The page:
Agricultural Injuries and illness - the health professional's role in prevention.
Medical Resident Community Health Workshops, February and September 2003, Maplewood and Robbinsdale, Minnesota. 2003 Feb; :1-68
Principles are not unique. Any labor intensive industry. Industries which include frequent contact with biologically active inputs and outputs, heavy equipment, etc. industries with a diverse worker population. Learn the questions that need to be asked. Technology is changing rapidly. Increased use of biotechnology and geneticallyengineered crops/animals. National Safety Council data only includes people working; excludes children below age 16 (even when working). Healthcare resources and training - health professional education, EMS education, Money for rural EMS. Strong feelings against regulation. OSHA only has jurisdiction on farms with >10 employees. Strong sense that education will solve problems. Intervention research clearly indicates that one shot programs have minimal effect. There is rarely a magic bullet. Successful programs use multiple delivery channels and target multiple audiences. The community infrastructure -- anyone who delivers goods, services, and information must be part of the target.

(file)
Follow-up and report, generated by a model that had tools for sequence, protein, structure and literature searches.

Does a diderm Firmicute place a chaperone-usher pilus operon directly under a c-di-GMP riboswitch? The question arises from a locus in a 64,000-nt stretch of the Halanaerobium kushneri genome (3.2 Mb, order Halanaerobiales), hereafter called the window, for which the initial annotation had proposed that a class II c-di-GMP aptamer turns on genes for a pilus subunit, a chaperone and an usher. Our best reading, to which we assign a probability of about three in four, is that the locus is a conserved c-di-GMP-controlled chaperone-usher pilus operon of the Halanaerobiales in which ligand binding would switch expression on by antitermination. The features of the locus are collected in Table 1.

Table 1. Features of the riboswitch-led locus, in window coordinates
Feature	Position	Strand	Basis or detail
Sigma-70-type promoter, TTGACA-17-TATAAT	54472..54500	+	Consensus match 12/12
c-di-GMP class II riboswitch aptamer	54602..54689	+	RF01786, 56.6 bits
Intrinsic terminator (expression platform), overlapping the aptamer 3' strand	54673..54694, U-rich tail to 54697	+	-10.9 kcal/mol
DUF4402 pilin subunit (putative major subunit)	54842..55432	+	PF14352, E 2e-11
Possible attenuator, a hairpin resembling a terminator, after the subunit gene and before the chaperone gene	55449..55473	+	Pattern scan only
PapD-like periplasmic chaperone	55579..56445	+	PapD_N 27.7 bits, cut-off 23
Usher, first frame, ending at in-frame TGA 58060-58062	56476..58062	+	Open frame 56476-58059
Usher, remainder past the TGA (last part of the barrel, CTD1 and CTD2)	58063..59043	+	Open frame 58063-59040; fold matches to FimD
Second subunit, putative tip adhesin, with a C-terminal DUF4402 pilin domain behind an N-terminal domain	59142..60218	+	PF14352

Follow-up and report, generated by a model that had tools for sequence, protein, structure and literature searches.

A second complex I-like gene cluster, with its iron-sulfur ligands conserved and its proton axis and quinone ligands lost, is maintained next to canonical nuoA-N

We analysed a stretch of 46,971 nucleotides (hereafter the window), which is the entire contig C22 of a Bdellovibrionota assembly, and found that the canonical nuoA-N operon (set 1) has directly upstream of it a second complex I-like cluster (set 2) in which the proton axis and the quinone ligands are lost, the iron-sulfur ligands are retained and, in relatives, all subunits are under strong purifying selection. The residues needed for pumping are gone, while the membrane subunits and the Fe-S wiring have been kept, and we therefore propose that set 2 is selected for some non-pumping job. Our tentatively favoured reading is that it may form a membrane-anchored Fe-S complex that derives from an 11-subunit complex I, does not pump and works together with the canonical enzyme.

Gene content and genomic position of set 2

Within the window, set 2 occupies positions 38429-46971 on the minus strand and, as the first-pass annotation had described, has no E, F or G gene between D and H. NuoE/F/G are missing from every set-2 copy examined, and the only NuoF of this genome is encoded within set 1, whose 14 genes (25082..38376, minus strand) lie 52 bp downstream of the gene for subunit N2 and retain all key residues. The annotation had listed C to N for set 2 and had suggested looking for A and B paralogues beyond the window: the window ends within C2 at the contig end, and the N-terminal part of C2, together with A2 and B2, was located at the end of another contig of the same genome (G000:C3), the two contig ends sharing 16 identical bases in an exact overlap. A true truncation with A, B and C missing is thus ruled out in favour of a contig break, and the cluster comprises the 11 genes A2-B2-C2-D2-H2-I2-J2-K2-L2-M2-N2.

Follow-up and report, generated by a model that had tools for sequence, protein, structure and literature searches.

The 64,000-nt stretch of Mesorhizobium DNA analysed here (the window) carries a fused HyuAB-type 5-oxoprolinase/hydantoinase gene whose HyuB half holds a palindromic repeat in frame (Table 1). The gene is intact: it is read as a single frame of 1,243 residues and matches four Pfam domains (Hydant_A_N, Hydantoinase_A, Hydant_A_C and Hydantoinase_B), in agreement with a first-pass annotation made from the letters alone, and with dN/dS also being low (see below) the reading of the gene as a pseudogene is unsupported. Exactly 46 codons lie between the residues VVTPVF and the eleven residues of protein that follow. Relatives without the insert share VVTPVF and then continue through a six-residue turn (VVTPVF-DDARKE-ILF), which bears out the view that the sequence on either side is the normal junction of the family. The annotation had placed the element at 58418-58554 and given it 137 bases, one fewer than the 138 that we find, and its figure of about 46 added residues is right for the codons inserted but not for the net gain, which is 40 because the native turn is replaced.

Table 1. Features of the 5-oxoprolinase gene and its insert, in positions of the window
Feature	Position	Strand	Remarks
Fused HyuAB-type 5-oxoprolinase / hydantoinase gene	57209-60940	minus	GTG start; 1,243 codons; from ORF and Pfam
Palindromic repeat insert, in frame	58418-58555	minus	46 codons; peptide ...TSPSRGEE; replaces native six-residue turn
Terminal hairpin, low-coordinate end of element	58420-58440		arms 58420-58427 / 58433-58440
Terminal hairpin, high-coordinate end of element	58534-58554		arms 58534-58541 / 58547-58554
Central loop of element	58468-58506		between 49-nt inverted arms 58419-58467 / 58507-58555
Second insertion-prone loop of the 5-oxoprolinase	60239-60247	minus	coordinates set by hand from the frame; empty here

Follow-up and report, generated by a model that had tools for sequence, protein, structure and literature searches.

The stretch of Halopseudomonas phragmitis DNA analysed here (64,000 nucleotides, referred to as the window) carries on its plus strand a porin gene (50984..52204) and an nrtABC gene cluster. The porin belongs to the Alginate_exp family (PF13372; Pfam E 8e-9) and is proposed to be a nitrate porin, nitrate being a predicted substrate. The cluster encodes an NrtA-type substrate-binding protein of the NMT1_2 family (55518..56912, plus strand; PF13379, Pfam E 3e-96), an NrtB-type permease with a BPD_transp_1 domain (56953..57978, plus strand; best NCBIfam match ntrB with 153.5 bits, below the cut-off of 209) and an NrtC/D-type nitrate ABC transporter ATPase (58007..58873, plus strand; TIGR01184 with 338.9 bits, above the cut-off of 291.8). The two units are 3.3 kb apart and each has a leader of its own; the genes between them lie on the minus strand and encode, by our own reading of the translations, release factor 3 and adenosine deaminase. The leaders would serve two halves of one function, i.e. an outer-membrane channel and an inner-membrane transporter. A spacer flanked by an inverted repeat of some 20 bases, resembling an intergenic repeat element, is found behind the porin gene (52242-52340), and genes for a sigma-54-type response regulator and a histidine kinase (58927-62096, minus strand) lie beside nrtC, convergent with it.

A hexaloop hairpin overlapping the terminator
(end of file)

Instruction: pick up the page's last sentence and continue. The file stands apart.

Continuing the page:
Age-factors; Agricultural-industry; Agricultural-processes; Agricultural-workers; Agriculture; Animal-products; Children; Disaster-prevention; Education; Equipment-design; Equipment-operators; Equipment-reliability; Exposure-levels; Exposure-methods; Farmers; Food-processing-industry; Injuries; Injury-prevention; Risk-analysis; Safety-education; Safety-measures; Safety-practices; Safety-research; Stress
John M. Shutske, Workplace Safety & Health Specialist and AgrAbility Project Director, Department of Biosystems and Agricultural Engineering, University of Minnesota, 390 Eckles Ave, St. Paul, MN 55108-6005
Medical Resident Community Health Workshops, February and September 2003, Maplewood and Robbinsdale, Minnesota
University of Minnesota Twin Cities